What I learned from the Canterbury earthquake that is relevant to Covid-19

I consider myself to be resilient and adaptable.  In 1994 I moved to New Zealand on a great adventure.  Within weeks of my arrival, we were in the midst of the Auckland Water Crisis.  In 1998, there was the 5-week Auckland Power Crisis which I remember because I worked in a multi-story building and had to walk up internal access stairs, in the hot summer months with no air, as an asthmatic.

These crises were nothing compared to the February 2011 earthquake in Canterbury, a shallow earthquake of 6.2 magnitude that hit us at lunchtime on a working day with multiple deaths and two collapsed buildings.  Most of the central city was evacuated and closed down and my office was included (eventually to be demolished like many others).  We were home for many weeks, although we could socialise.  But we had water restrictions, the constant interruptions of aftershocks on our frayed nerves, and the uncertainty about our work and future.

Tonight, at midnight, New Zealand goes into mandatory isolation for a minimum of four weeks.  I am again at home.  My canine companion is Izzy, whereas back in 2011 it was my dear Daisy.

Daisy birthday portrait


For those of us self-isolating with dogs, here’s what I learned from 2011 that is equally important now.

  1. Your dog loves having you at home.  However, most dogs sleep for the better portion of the day.  So don’t keep going over and cuddling them at every opportunity because this wakes them from deep sleep and the lack of sleep can affect their health.  Leave them be!
  2. Your stress is their stress.  Dogs are intuitive and sentient creatures.  They know something’s up.  Develop a new routine that gives both of you structure to your day and certainty.  Dogs thrive on routine.
  3. Exercise is useful for managing stress in both dogs and people.  That said, please remember that most dogs cannot cope with a sudden increase in their daily exercise.  Increase activity slowly. Many older dogs won’t cope at all.  Be watchful for signs of discomfort or pain (see my post from the aging dogs series about recognising pain and discomfort)
  4. Live in the moment, as our dogs do.  Accept the lockdown because you cannot change it.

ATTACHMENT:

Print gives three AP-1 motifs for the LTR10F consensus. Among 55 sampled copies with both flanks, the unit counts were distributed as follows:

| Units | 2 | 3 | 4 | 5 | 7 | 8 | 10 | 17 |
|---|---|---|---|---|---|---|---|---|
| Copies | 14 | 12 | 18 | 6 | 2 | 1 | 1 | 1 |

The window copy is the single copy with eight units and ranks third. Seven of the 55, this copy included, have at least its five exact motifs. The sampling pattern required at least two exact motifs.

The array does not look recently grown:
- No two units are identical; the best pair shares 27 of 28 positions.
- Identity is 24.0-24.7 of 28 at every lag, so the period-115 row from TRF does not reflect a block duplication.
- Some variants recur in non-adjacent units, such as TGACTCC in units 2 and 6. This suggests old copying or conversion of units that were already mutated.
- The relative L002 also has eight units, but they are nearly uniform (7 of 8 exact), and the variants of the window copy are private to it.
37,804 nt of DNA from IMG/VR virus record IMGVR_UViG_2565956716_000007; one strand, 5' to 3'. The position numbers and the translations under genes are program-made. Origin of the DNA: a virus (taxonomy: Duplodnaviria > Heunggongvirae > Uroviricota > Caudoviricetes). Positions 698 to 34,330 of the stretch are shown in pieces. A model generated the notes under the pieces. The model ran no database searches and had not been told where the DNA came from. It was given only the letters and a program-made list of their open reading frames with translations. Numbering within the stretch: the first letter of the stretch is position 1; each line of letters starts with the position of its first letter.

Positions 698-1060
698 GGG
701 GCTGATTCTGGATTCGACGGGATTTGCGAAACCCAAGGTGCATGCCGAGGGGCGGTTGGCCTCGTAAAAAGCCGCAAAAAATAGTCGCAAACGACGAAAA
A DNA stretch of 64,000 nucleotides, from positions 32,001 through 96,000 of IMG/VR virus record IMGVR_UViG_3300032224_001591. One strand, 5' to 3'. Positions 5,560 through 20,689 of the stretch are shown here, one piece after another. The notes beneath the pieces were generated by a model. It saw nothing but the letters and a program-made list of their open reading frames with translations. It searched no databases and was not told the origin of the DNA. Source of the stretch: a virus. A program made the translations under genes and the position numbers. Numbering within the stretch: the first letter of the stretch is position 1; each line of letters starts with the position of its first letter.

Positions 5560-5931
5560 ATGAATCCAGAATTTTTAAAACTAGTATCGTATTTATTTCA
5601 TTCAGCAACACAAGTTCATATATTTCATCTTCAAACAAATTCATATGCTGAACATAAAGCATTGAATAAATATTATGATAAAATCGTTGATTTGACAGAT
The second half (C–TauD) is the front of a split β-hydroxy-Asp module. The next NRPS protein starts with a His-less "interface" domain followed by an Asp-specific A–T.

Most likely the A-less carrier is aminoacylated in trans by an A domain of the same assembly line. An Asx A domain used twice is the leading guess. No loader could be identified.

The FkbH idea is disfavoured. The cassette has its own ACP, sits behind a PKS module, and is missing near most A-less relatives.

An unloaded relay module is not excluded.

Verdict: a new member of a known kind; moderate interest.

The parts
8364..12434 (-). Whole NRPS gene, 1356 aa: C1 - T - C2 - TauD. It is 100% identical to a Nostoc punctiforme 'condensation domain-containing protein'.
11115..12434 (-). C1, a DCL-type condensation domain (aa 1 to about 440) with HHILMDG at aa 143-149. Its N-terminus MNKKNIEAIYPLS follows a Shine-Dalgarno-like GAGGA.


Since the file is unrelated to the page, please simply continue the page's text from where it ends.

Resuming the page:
5. Shit happens
  6. We will survive (and thrive) – this is just a temporary glitch

Kathleen Crisley, Fear-Free certified professional and specialist in dog massage, rehabilitation and nutrition/food therapy, The Balanced Dog, Christchurch, New Zealand


3 responses to “What I learned from the Canterbury earthquake that is relevant to Covid-19

  1. At the moment we are still exercising in the dog park in the afternoon, we are able to give each other space but yesterday I was struck by just how feral the dogs all seemed, most of them seemed over excited and just plan nuts, in some cases it was because of a decrease in walks but I couldn’t help but wonder if the dogs were not also picking up on everyone’s stress and tension.
    I sincerely hope we don’t have to isolate I hate to think what Ada will be like if we cannot exercise her enough. Living in the moment is great advice, there was just pure joy in watching Ada and Archie (a canine friend) chase each other around a tree this morning, Archie is a crafty little terrier and he was taking great delight in tricking Ada into going the wrong way. Our dogs make us smile and keep us company, we are so lucky to have them.

    • Isolation doesn’t mean you can’t exercise – it just means you have to remain in your local area. I am not a big fan of dog parks as they are breeding grounds for anti-social behavior, but understand that some people rely on dog parks because of their living situation.

  2. We were in complete not-out-your-house-ever (except like once a week to get food) for five weeks. Had to exercise the poor Bluetick & basset in the garden. It was so sweet to see them when we took them around the neighborhood for the first time! Everyone needs some adventure

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